Also for managers of breeding facilities it seems this paper highlights the importance of keeping brood mares together especially when they are pregnant. It seems they form the strongest bonds.

Here is another article summarizing the paper

Filipa Heitor and Luis Vicente 2010. Affiliative relationships among Sorraia mares; influence of age, dominance, kinshop and reproductive state. Ethology, 28, 133-140.

Sunday, April 15, 2012

problem solving

Sorry for the lack of action here at GPG. I am in the middle of writing my thesis and I have had little time for anything else. I will hopefully be back soon though at full force!

Bodhi and I are doing very well. I am now taking dressage and western riding lessons! In between lessons I sharpen what we have learned from the instructors by having a shaping session with the clicker. It is amazing how much we are getting accomplished considering we have just a few hours a week together. I feel like we are really training smart now. I will be going to a multi-day clinic with trainer Shawn Seabrook in the beginning of May. I will have to write about that as well!

Now I wanted to share a funny anecdote about Sarge the cat:

Sarge and I were in a battle of wills. See I wanted to feed everyone (Stella the dog, Pele and Sarge, the cats and Brie and Truffle, the rats) at 8:00 pm every night. Sarge thought he could convince me to feed him earlier if he just tried hard enough. So that meant when I get home from work and start working at the computer he starts his cat antics--- meowing, scratching at things and sometimes even pawing me on the shoulder! The more I said no the more he dug in. You have to admire his persistence! I am sure everyone with cats understands just how persistent they can be!
I had no idea how to stop this behavior until I started thinking about an anecdote given in Don't Shoot the Dog by Karen Pryor. This story was about a dog that would not stop scratching at the door if I remember correctly. The crafty caretakers decided to use a conditioned stimulus to solve their problem. They hung a towel on the door and let the dog into the room every time he scratched. Then, they alternated having the towel on the door and off the door and only let the dog in when the towel was on the door. Soon the dog learned that his request for admittance would only be heard when that towel was on the door. They made sure to have the towel on the door sometimes giving the dog the chance to ask and they finally got a good nights sleep!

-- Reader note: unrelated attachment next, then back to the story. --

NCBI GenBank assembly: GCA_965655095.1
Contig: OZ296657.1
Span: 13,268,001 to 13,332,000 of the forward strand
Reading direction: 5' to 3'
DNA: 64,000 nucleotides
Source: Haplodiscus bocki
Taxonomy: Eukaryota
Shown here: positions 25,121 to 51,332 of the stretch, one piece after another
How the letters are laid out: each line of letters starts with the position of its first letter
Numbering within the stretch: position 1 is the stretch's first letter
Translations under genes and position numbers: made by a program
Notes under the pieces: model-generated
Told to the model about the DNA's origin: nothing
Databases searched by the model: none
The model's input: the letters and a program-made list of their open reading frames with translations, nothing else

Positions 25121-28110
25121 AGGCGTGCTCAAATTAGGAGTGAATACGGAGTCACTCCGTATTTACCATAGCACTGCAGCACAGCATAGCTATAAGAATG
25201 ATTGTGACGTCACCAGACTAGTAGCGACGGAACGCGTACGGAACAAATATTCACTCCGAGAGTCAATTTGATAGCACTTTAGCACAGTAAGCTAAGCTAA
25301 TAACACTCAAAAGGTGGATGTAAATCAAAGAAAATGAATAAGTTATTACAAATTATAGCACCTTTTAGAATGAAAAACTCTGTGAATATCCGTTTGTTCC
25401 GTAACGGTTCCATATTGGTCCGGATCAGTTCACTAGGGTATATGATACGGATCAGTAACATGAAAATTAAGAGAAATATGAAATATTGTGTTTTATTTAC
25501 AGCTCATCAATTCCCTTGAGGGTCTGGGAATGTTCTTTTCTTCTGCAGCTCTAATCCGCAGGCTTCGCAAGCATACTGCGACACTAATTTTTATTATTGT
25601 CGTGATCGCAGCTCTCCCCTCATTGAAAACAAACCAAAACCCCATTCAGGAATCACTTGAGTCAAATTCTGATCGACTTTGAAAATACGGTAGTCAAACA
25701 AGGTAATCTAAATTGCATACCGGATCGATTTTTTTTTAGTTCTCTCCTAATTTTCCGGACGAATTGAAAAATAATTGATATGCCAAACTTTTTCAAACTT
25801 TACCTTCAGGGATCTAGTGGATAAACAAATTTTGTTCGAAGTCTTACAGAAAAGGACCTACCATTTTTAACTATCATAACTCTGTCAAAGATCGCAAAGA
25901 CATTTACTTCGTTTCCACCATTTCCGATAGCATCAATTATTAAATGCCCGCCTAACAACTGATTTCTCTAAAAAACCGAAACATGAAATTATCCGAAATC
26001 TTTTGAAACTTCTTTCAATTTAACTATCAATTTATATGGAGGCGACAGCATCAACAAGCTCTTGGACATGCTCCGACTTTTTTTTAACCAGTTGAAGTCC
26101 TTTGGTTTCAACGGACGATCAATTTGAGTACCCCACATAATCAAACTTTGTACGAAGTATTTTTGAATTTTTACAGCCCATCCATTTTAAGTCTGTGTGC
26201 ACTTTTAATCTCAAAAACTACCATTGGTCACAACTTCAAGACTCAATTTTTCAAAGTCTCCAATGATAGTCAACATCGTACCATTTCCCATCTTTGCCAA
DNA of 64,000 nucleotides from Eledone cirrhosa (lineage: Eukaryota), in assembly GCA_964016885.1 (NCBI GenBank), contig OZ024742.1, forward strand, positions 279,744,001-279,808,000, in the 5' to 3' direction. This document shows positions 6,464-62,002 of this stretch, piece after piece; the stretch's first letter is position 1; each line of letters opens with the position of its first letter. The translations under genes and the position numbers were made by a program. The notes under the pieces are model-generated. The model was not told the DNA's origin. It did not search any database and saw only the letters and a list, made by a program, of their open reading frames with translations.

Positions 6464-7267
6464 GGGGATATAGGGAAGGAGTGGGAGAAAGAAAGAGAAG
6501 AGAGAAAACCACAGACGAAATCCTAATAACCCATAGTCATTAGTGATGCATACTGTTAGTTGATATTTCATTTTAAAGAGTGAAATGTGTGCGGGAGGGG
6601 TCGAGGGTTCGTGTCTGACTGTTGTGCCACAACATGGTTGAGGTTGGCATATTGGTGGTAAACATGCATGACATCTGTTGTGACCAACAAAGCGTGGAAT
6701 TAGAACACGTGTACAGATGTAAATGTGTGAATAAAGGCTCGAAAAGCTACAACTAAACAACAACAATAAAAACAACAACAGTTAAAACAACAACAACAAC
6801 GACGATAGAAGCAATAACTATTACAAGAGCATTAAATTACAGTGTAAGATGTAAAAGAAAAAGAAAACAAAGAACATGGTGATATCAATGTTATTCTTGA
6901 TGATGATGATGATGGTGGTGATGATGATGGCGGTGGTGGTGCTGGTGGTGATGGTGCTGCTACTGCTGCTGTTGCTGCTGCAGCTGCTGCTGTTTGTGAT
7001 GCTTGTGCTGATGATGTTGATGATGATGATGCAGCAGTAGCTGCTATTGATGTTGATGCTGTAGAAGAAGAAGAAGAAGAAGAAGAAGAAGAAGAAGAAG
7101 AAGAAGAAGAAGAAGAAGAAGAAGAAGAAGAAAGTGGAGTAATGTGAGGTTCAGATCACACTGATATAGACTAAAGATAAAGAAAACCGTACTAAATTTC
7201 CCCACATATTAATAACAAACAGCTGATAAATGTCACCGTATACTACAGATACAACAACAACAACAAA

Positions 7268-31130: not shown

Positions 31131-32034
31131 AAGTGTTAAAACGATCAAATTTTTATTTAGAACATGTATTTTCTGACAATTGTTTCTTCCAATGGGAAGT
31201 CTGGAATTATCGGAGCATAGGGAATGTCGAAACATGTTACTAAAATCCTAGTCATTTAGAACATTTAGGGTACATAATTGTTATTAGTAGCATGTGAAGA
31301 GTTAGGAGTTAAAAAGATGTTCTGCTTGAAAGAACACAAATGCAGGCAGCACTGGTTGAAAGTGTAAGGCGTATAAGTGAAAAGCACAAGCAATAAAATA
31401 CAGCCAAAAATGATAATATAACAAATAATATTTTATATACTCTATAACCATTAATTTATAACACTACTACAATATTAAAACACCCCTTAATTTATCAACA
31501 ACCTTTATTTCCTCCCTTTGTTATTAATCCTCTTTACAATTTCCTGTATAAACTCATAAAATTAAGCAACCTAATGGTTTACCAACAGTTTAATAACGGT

I love this story because it gives a creative solution to reduce a behavior without punishment and it also gives the animal a voice. That dog was obviously frustrated his requests to come in the room were not being heard. By teaching the animal when it is appropriate to ask for something it really reduces their stress and your stress. It is a win win.

So back to Sarge the cat--- I wanted to do something similar to the dog and the towel but what? I know he naturally loved to paw and scratch at everything. So I decided to make Sarge a sign that he could paw when he would like to be fed. The first night I put it up I kept an eye on him as he did his evening antics and sure enough he just happened to paw the sign! I said good! and immediately got up and fed everyone dinner. Amazingly, it only took him a few nights for him to understand the game! Now I put the sign up at around 6pm. He can choose when he would like to be fed from then on. He will nap on the couch, stretch and walk up and tap his sign when he wants to be fed-easy as that. Sometimes he wants to be fed even before I put his sign up. He walks up and looks for his sign and when he does not see it he just goes and lies back down. Amazing! I know we are both happier. Sarge is an intelligent cat and he must of felt so frustrated when I ignored his attempts to communicate. Now that he has an outlet he seems more content.

Here is a video of Sarge patting his sign to get his dinner!

Have you solved any human-animal conflicts in a creative way? I would love to hear about it!